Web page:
In their analysis, FDA scientists concluded that in almost every scenario the vaccine’s benefit for preventing hospitalizations and death from COVID-19 would outweigh any serious potential side effects in children. But agency reviewers stopped short of calling for Pfizer’s shot to be authorized.
The agency will put that question to its panel of independent advisers next Tuesday and weigh their advice before making its own decision.
U.S. children could begin vaccinations next month
If the FDA authorizes the shots, the Centers for Disease Control and Prevention will make additional recommendations on who should receive them the first week of November. Children could begin vaccinations early next month — with the first youngsters in line fully protected by Christmas.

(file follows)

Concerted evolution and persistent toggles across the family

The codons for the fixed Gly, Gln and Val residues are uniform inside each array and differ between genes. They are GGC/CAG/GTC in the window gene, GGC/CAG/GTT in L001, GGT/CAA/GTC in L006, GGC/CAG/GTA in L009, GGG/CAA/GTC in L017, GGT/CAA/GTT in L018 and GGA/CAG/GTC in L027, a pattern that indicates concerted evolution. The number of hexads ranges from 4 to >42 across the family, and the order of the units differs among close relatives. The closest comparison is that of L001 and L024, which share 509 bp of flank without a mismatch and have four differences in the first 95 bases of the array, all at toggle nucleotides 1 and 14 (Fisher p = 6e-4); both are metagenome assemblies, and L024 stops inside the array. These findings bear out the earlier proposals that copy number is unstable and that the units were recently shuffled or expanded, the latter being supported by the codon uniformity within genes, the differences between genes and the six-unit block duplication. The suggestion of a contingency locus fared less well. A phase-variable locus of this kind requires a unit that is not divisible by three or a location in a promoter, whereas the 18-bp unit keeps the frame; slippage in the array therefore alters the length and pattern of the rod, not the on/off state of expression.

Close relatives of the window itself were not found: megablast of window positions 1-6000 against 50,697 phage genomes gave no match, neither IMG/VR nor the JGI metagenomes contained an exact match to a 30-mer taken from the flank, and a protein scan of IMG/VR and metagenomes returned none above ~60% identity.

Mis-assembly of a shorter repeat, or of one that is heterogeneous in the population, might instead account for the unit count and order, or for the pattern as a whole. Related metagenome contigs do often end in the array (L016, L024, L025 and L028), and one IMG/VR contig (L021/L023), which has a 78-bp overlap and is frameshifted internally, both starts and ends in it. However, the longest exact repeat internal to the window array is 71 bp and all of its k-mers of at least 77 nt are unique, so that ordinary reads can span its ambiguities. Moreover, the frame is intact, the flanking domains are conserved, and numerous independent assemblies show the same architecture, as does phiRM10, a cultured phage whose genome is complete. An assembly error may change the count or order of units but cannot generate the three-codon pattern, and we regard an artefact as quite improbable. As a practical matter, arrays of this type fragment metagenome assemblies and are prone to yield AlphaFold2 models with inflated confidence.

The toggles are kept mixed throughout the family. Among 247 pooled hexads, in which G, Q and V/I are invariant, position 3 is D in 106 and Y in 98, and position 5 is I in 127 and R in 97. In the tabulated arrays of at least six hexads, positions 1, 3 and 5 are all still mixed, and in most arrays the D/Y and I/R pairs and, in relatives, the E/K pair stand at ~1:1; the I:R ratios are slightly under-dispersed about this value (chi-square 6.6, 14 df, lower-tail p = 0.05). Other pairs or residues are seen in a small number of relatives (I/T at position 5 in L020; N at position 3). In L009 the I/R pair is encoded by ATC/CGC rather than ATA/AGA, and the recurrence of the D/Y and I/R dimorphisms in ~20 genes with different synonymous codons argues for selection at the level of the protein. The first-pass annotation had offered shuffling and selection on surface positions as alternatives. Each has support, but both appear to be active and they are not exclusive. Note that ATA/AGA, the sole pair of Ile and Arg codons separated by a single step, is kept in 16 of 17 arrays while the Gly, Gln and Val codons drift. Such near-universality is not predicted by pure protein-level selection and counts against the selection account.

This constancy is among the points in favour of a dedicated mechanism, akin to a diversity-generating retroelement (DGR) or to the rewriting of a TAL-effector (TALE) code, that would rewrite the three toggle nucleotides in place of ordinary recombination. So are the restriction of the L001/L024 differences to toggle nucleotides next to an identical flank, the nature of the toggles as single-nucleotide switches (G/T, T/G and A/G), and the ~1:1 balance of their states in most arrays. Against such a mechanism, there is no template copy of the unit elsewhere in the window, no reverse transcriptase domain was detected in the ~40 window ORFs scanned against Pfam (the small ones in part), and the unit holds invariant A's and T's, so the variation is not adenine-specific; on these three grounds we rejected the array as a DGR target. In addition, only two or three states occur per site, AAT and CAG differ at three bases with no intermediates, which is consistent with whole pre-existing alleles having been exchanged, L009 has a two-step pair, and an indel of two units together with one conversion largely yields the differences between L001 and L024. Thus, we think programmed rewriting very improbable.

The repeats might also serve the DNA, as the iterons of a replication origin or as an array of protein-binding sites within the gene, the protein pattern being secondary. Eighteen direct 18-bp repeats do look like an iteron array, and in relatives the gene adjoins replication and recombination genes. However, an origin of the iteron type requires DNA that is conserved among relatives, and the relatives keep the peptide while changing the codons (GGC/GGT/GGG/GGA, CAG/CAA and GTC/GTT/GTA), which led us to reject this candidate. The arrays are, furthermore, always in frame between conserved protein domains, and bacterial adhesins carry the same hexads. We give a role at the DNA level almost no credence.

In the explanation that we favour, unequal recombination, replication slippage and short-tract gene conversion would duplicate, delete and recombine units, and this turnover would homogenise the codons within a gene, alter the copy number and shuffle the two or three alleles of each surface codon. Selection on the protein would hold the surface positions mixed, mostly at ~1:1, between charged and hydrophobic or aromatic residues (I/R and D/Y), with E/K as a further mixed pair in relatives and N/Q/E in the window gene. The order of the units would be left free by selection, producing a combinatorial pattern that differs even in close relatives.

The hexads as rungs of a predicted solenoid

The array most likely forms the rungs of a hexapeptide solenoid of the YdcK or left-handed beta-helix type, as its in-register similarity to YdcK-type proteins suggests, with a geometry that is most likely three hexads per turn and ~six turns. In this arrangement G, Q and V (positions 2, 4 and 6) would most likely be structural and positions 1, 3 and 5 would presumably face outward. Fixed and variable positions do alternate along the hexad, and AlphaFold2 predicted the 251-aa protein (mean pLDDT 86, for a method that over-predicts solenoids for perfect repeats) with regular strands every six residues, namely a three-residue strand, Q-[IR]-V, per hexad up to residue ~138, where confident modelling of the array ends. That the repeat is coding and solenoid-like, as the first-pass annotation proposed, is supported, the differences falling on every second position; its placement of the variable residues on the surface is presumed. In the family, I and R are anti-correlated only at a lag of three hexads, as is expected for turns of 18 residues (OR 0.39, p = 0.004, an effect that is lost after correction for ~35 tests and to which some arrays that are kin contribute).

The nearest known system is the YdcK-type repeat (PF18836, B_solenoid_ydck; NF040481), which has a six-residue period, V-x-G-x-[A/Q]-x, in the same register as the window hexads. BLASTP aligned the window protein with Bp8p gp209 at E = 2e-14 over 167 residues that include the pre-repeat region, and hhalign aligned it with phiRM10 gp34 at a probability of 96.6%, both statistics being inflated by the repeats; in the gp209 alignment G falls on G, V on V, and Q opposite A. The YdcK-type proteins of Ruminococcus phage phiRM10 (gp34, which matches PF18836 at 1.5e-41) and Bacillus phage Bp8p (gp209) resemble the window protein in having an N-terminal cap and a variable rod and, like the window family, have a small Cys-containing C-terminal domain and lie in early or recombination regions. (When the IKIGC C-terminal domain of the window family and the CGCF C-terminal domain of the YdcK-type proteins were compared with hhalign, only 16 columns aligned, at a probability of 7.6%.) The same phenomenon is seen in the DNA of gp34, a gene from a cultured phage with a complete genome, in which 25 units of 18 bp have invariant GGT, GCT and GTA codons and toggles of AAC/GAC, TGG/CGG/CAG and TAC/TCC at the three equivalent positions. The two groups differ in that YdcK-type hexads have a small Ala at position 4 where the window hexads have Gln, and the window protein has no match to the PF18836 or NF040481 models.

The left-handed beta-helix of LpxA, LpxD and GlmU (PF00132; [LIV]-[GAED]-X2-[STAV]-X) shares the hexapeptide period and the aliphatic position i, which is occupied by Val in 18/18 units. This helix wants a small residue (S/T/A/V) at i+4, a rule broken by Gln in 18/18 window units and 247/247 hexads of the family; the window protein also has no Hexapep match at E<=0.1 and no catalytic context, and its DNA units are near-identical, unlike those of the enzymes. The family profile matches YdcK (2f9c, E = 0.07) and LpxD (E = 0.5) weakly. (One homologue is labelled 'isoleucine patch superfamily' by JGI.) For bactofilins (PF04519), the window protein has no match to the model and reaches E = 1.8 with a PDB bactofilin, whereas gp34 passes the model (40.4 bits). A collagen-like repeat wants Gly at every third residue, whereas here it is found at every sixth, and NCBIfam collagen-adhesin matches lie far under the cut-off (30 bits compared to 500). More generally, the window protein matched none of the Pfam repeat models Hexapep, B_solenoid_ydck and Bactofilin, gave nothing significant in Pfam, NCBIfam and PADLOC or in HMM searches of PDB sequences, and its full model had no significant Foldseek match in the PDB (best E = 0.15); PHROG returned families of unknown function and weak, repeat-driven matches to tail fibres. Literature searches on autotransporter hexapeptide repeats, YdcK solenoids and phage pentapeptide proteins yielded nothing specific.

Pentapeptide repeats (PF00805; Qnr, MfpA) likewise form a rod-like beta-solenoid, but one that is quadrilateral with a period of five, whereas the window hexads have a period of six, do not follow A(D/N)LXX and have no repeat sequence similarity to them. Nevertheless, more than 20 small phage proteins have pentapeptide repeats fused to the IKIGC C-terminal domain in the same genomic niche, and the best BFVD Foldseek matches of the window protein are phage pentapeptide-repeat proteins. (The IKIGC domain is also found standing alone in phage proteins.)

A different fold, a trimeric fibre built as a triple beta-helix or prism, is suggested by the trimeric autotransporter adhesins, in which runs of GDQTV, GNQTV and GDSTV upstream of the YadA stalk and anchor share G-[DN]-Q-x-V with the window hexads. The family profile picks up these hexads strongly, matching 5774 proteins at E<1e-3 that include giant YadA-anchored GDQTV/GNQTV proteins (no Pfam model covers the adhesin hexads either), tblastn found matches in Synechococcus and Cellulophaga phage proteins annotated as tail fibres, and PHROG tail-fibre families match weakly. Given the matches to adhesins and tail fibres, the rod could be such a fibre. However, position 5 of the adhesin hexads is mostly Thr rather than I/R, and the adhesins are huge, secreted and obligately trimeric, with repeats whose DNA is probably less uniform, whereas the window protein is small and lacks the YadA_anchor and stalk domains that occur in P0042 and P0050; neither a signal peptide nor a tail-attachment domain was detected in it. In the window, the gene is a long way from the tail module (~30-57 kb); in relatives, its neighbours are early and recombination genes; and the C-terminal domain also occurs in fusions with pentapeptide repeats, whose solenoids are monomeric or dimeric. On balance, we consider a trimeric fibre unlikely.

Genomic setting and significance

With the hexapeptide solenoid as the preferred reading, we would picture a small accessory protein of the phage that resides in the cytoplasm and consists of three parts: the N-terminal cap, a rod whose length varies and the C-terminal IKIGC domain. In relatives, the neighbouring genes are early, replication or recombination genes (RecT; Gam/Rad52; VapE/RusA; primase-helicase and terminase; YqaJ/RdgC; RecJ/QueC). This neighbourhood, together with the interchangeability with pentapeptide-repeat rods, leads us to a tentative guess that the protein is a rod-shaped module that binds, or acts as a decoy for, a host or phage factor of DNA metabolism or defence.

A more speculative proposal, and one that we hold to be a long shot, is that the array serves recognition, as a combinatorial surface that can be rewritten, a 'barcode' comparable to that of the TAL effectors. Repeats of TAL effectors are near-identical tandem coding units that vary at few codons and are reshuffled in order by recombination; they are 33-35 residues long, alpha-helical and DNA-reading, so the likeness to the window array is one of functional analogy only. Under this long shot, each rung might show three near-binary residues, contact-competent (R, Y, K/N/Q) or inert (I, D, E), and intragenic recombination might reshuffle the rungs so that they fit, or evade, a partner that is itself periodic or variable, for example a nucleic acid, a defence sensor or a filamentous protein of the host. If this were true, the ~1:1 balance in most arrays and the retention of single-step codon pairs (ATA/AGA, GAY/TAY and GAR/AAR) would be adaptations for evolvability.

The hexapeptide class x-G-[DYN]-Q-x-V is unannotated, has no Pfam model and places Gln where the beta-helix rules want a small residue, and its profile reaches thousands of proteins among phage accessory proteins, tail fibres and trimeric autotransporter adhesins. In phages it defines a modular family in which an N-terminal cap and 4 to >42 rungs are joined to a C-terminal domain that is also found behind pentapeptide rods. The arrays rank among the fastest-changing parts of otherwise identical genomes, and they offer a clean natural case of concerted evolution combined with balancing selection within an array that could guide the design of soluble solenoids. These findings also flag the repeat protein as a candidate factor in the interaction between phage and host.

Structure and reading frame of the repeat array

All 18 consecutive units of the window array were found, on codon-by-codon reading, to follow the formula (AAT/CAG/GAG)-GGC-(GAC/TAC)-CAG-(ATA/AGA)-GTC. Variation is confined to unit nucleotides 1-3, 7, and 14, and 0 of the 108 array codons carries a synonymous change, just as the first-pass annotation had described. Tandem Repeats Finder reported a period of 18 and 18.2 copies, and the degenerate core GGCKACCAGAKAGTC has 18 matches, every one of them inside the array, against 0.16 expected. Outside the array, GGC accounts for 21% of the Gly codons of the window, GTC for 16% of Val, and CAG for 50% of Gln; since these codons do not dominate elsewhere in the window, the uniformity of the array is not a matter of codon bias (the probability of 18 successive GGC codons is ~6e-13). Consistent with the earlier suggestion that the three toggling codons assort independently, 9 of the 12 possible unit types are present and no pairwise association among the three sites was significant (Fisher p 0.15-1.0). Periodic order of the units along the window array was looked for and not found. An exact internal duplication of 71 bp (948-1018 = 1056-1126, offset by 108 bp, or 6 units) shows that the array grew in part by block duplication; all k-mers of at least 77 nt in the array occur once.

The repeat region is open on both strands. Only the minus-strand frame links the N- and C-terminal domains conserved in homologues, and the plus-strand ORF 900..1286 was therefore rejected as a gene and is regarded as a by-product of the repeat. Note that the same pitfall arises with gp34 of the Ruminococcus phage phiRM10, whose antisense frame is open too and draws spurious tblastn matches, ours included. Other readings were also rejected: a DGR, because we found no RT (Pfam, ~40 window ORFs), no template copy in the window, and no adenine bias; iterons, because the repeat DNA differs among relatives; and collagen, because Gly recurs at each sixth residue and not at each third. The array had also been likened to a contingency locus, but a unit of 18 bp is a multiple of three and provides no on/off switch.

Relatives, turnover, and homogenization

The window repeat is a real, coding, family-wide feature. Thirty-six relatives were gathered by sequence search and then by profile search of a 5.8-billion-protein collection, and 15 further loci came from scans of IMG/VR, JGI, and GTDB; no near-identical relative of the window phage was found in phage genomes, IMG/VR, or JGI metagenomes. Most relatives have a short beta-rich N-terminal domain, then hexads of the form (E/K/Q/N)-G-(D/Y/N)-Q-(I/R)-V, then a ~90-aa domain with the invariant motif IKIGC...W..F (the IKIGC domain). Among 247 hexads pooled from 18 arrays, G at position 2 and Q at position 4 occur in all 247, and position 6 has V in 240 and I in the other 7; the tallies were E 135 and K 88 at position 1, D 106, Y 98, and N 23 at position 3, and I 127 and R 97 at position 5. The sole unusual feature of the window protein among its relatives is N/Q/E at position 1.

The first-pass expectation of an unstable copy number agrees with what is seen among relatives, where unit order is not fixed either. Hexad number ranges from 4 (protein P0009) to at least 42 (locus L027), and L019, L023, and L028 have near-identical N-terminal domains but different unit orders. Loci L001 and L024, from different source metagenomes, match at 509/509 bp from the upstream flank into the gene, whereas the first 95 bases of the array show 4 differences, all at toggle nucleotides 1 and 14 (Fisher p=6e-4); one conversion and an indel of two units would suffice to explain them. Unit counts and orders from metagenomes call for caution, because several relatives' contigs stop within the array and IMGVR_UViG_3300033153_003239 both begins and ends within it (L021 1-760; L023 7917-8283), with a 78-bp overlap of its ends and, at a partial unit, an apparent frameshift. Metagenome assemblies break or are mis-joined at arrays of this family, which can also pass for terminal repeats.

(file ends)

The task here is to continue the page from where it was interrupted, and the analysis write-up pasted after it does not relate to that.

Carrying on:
Full-strength Pfizer shots already are recommended for anyone 12 or older, but pediatricians and many parents are anxiously awaiting protection for younger children to stem infections from the extra-contagious delta variant and help keep kids in school.
WATCH | Pfizer releases clinical trial data for COVID-19 vaccine for children aged 5 to 11:
The FDA review affirmed results from Pfizer posted earlier in the day showing the two-dose shot was nearly 91 per cent effective at preventing symptomatic infection in young children. Researchers calculated the figure based on 16 COVID-19 cases in youngsters given dummy shots versus three cases among vaccinated children. There were no severe illnesses reported among any of the youngsters, but the vaccinated ones had much milder symptoms than their unvaccinated counterparts.
Most of the study data was collected in the U.S. during August and September, when the delta variant had become the dominant COVID-19 strain.